ACOUSTIC EMISSION DURING HYDROGEN ABSORPTION AND DESORPTION IN PALLADIUM R. Ramesh, C. K. Mukhopadhyay, T. Jayakumar and Baldev Raj
Materials and Metallurgy Group
Indira Gandhi Center for Atomic Research, Kalpakkam 603 102, India
Keywords: Acoustic emission, hydrogen in metals, hydrogen embrittlement, hydrogen absorption, palladium ABSTRACT
On-line monitoring of Acoustic Emission (AE) generated during hydrogen charging and discharging in metals and alloys would give rise to valuable information about the mechanisms involved in this process. In the present investigation, the AE generated during absorption and desorptin of hydrogen in palladium has been studied. Specimens of the size (12 mm x 8 mm x 0.3 mm) were electrochemically charged with hydrogen at ambient temperature and at a current density of 5 mA/cm2 in NaOH solution. AE signals generated during hydrogen charging and discharging were recorded using an AE system (model 264B) of M/s. AET Corp., USA. A piezoelectric transducer with resonant frequency at 175 kHz, a preamplifier (60 dB gain) and a compatible filter (125-250 kHz) were used to capture the AE signals. The transducer was coupled to the specimen using a wave guide. The AE Root Mean Square (RMS) voltage and total ringdown counts were recorded continuously.
The plots of AE RMS voltage as a function of time indicate different stages of hydrogen absorption involved during charging process. AE signals observed at the initial stages are attributed to be due to the surface activation and initiation of hydrogen absorption. AE activity increases with time and saturates upon completion of hydrogen absorption. The major source of AE is the release of hydrogen bubbles at the surface of the specimens. The AE activity arising due to bubbles, increases as the specimen absorbs hydrogen and becomes constant when the specimen is saturated with hydrogen. The specimens were allowed to disturb hydrogen under a concentration gradient in the same electrochemical cell and the AE parameters were recorded again. The AE RMS voltage decreases steadily and saturates with time. Continued desorption of the hydrogen from the specimen is indicated by a decrease in AE RMS voltage with time, which ceases when all the hydrogen is disturbed completely. The hydrogen concentration was estimated from the "diffusion current transient" recorded simultaneously along with AE parameters during the discharging cycle. It has been observed from these investigations that the variations in the AE RMS voltage with time could be correlated to the residual hydrogen concentration present in the metal at any instant.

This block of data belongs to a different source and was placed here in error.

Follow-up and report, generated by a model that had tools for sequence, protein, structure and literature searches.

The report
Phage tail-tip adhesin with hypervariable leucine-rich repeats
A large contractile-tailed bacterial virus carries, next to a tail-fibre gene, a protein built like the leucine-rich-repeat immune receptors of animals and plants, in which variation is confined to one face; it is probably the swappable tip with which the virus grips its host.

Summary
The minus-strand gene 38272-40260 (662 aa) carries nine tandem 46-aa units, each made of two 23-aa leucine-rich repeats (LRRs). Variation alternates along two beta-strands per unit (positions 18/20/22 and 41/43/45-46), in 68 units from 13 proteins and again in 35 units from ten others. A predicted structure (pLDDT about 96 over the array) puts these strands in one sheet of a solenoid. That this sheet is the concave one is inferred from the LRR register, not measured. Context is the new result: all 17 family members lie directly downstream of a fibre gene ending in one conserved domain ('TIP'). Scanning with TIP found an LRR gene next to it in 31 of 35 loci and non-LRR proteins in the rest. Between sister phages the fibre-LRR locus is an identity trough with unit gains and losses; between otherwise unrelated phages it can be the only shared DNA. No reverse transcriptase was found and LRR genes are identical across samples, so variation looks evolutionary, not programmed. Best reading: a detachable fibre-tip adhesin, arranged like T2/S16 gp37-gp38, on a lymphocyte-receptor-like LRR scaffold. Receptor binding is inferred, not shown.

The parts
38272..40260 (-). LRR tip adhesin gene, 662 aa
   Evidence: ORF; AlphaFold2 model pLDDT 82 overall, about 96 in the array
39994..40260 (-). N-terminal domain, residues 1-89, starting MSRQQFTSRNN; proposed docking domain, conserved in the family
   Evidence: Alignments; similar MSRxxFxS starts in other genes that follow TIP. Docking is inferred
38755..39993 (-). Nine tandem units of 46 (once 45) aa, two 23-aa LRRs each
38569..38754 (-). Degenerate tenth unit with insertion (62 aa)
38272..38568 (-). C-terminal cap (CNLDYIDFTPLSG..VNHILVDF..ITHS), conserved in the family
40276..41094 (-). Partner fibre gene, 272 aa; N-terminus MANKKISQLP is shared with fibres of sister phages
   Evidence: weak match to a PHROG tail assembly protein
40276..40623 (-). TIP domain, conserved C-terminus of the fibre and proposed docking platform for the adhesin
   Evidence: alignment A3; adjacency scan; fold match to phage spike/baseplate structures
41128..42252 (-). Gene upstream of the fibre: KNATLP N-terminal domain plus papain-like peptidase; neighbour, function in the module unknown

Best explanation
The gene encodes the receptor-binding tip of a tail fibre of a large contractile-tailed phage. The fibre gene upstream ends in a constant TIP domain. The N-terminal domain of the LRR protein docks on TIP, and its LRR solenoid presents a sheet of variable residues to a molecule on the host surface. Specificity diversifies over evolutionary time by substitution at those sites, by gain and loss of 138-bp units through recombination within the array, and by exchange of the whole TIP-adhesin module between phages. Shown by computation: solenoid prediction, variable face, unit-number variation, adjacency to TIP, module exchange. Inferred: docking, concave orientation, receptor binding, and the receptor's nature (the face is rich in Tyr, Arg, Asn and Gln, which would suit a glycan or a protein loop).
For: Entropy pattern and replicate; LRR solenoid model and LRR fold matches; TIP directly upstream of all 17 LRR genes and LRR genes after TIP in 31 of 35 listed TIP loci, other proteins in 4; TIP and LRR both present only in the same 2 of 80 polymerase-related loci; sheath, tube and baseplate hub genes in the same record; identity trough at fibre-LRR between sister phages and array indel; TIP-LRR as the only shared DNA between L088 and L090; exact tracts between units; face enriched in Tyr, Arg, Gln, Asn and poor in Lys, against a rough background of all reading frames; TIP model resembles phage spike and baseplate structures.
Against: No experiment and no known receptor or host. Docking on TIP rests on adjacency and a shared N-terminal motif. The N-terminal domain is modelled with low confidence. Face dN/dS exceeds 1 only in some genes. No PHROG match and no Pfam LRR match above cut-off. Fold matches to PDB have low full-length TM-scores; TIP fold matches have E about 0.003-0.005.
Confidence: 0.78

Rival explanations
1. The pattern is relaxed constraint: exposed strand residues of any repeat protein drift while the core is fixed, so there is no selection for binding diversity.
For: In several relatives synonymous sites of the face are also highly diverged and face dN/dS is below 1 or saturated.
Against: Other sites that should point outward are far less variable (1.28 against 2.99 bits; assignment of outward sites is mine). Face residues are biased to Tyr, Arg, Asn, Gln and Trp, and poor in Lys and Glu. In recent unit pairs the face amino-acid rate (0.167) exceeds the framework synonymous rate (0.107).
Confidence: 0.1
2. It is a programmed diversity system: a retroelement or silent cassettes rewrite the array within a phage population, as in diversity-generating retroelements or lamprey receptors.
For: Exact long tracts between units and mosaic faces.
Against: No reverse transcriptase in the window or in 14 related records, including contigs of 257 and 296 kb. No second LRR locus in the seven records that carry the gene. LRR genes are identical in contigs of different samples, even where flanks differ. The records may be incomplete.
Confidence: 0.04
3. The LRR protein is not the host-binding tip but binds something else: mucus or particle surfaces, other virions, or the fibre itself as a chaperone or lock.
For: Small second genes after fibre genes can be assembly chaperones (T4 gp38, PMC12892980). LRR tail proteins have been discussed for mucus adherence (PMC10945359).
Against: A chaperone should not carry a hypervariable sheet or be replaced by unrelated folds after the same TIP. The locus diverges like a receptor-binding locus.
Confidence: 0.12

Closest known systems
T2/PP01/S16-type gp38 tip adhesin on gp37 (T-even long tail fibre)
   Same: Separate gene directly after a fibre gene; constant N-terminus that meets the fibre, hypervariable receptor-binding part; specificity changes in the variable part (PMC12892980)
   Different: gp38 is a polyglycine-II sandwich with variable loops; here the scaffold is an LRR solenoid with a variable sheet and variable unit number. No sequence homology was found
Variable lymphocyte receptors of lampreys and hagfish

Publication Source: Trends in NDE Science & Technology; Proceedings of the 14th World Conference on Non-Destructive Testing, New Delhi, 8-13 December 1996.Vol. 4, pages 2533 - 2536
Publisher: Ashgate Publishing Company